In America, 5748 was a year of economic uncertainty, political scandal and renewed tension between blacks and Jews. And as the rift between the movements of Judaism variously widened and narrowed, Conservative Jews struggled to reach a consensus on such divisive issues as the status of women as cantors.
The Jewish year got off to a rocky start with the stock market crash of Oct. 19. In the days and weeks after “Black Monday,” when Wall Street suffered its greatest plunge in history, leaders of American Jewish organizations fretted over how the collapse would impact their fundraising efforts and endowment funds.
There was particular concern in New York, where the stock market is not only an indicator of the state of the economy, but the work place of some of the Jewish community’s biggest givers. The year closed, however, with both the market and Jewish philanthropy on relatively stable footing.
Two American corporations suffered economic setbacks of their own, when they agreed to pay fines imposed for alleged violations of the 10-year-old Export Administration Act. The law, enforced by the U.S. Department of Commerce, bars corporations from complying in any way with the Arab boycott of Israel.
LARGEST FINE IN HISTORY
In March, the Oakland-based Safeway supermarket chain paid a $995,000 penalty, the largest in history, rather than face more than $4 million in fines in connection with its supply of product lists to supermarkets in Saudi Arabia and Kuwait.
In August, the Sara Lee Corporation of Chicago agreed to pay a $725,000 penalty for supplying boycott-related information in an effort to register its L’eggs trademark in Kuwait.
There were embarrassments in the political world, as well. Sen. Daniel Inouye (D-Hawaii), a longtime friend of Israel, became the center of controversy for introducing a last-minute appropriations amendment in late December to funnel $8 million to yeshivas in France. He withdrew the bill in February, conceding an error in judgment.
Political scandal mired the Republicans, too, as allegations surfaced in January that an aide and close friend of Attorney General Edwin Meese had proposed making payments to Israel’s Labor Party in exchange for promises that Israel would not destroy a planned oil pipeline from Iraq to Jordan.
Meese, who later resigned, was cleared of any wrongdoing. The friend, Jewish financier E. Robert Wallach of San Francisco, is still facing charges. The pipeline was never built.
Meese’s Justice Department was also preoccupied during the year with trying to shut down the Palestine Liberation Organization’s observer mission to the United Nations, as mandated by the Anti-Terrorism Act of 1987.
The battle, which some Jewish organizations supported and others sidestepped, was ultimately lost, after both the World Court and a U.S. district court ruled that closing the mission would be a violation of America’s obligations as host country to the United Nations.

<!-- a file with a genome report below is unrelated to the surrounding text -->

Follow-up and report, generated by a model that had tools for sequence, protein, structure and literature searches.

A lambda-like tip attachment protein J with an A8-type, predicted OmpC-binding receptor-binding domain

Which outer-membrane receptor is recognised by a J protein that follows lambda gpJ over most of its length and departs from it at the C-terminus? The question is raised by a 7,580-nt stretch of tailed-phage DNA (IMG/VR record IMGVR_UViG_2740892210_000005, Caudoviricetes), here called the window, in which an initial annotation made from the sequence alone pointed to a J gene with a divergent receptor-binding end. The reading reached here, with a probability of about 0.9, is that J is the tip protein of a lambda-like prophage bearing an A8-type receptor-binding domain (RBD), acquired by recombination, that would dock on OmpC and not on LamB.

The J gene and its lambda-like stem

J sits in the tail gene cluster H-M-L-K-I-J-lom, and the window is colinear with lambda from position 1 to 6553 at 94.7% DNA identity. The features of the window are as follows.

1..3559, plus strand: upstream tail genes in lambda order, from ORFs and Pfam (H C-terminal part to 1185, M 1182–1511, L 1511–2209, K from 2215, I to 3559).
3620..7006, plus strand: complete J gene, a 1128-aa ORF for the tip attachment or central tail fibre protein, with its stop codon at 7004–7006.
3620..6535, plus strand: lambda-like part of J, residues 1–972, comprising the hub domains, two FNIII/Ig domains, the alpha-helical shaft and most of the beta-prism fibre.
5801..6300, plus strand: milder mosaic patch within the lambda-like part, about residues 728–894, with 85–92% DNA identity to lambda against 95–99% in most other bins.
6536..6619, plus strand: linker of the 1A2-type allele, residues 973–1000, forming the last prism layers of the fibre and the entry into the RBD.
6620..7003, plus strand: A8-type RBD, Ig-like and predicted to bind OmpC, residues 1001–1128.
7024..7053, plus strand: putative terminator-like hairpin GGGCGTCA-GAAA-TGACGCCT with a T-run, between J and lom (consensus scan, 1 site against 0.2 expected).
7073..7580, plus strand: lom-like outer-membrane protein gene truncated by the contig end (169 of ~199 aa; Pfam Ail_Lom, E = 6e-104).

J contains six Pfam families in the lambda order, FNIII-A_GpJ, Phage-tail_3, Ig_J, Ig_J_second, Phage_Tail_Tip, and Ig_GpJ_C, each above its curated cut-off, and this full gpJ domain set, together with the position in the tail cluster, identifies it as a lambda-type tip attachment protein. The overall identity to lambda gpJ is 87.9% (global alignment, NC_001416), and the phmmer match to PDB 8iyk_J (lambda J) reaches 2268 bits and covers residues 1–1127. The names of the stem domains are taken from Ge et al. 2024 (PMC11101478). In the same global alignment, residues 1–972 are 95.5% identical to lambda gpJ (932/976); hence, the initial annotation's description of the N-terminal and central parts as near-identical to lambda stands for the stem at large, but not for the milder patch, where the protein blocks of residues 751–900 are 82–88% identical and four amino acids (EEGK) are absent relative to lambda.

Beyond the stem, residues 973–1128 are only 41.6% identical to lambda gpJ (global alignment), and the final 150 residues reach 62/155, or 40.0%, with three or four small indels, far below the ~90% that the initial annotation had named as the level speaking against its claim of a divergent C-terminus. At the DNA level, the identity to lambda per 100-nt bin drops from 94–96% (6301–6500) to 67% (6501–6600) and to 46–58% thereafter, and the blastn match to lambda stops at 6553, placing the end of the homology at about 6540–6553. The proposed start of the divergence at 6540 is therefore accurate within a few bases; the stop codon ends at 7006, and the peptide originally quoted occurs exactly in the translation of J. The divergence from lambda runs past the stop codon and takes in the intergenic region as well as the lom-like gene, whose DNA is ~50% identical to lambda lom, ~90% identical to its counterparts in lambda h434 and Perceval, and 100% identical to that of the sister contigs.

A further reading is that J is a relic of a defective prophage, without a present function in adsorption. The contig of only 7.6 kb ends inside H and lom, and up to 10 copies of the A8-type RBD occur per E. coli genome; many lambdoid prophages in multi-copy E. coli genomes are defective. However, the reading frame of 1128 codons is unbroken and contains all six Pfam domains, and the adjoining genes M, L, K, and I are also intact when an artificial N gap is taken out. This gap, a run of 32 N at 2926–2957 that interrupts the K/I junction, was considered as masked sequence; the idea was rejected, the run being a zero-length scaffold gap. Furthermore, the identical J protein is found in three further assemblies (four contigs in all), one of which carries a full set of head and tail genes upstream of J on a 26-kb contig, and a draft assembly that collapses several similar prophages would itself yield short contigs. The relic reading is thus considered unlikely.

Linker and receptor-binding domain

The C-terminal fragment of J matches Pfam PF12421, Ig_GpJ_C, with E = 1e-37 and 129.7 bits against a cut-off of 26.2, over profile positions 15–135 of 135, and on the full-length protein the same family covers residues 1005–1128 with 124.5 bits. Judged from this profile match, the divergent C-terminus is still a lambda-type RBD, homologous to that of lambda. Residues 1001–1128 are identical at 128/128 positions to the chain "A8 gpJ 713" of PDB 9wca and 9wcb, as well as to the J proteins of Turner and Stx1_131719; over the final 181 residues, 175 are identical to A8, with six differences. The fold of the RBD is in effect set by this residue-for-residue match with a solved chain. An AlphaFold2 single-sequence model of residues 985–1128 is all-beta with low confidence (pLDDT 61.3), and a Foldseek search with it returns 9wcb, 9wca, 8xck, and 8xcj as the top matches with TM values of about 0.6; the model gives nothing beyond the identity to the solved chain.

TENSIONS OVER KOCH REMARK
Of course, the biggest American political story of the year was the presidential election campaign — and Kitty Dukakis’ Yiddishkeit was not the only issue that made Jewish news.
The hotly contested New York primary campaign deteriorated into ethnic mudslinging after Mayor Ed Koch said Jews “would be crazy” to vote for Jesse Jackson, the living symbol of black aspirations.
Black-Jewish relations also received a tremendous setback in Chicago, where an aide to Acting Mayor Eugene Sawyer made a series of wildly anti-Semitic charges. The aide, Steve Cokely, was quoted in April as saying that Jewish doctors inject black babies with the virus that causes AIDS. What outraged Jews was the black leaders’ reluctance to repudiate Cokely and the mayor’s delay in firing him.
Then in Los Angeles, a series of racist memos calling for a Jewish-financed campaign to unseat Mayor Tom Bradley, who is black, threatened to shake up one of the strongest black-Jewish alliances of any American city. The memos, written by consultants to Bradley’s Jewish challenger, City Councilman Zev Yaroslavsky, were repudiated by the candidate himself, who apologized.
In religious life, the three major institutions of the Conservative movement achieved something of a milestone by issuing the first common statement of principles in the movement’s 143-year history. The statement outlined Conservative Judaism’s stands on such issues as belief in God, religious pluralism and the role of women in Judaism.
But it became clear that the document did not end the ongoing battle between progressive leaders in the Conservative mainstream and the so-called traditionalists. In May, the latter scored a victory, when the Cantors Assembly, the world’s largest professional body of chazanim, voted to reject a proposal to admit qualified women members.
The Lubavitchers also had cause for celebration in 5748, when a federal district court judge awarded a library of rare religious texts to the Brooklyn-based Hasidic movement. But the community also suffered a tragic loss, with the death of the rebbe’s wife, Chaya Moussia Schneerson.
Other celebrated Jews to die in 5748 included violinist Jascha Heifetz, Nobel laureate Isidor Isaac Rabi, theologian Seymour Siegel, philanthropist Martin Citrin, journalist David Schoenbrun and former Congresswoman Gladys Noon Spellman.
The JTA Daily News Bulletin will not be published on Simchat Torah, Tuesday, Oct. 4.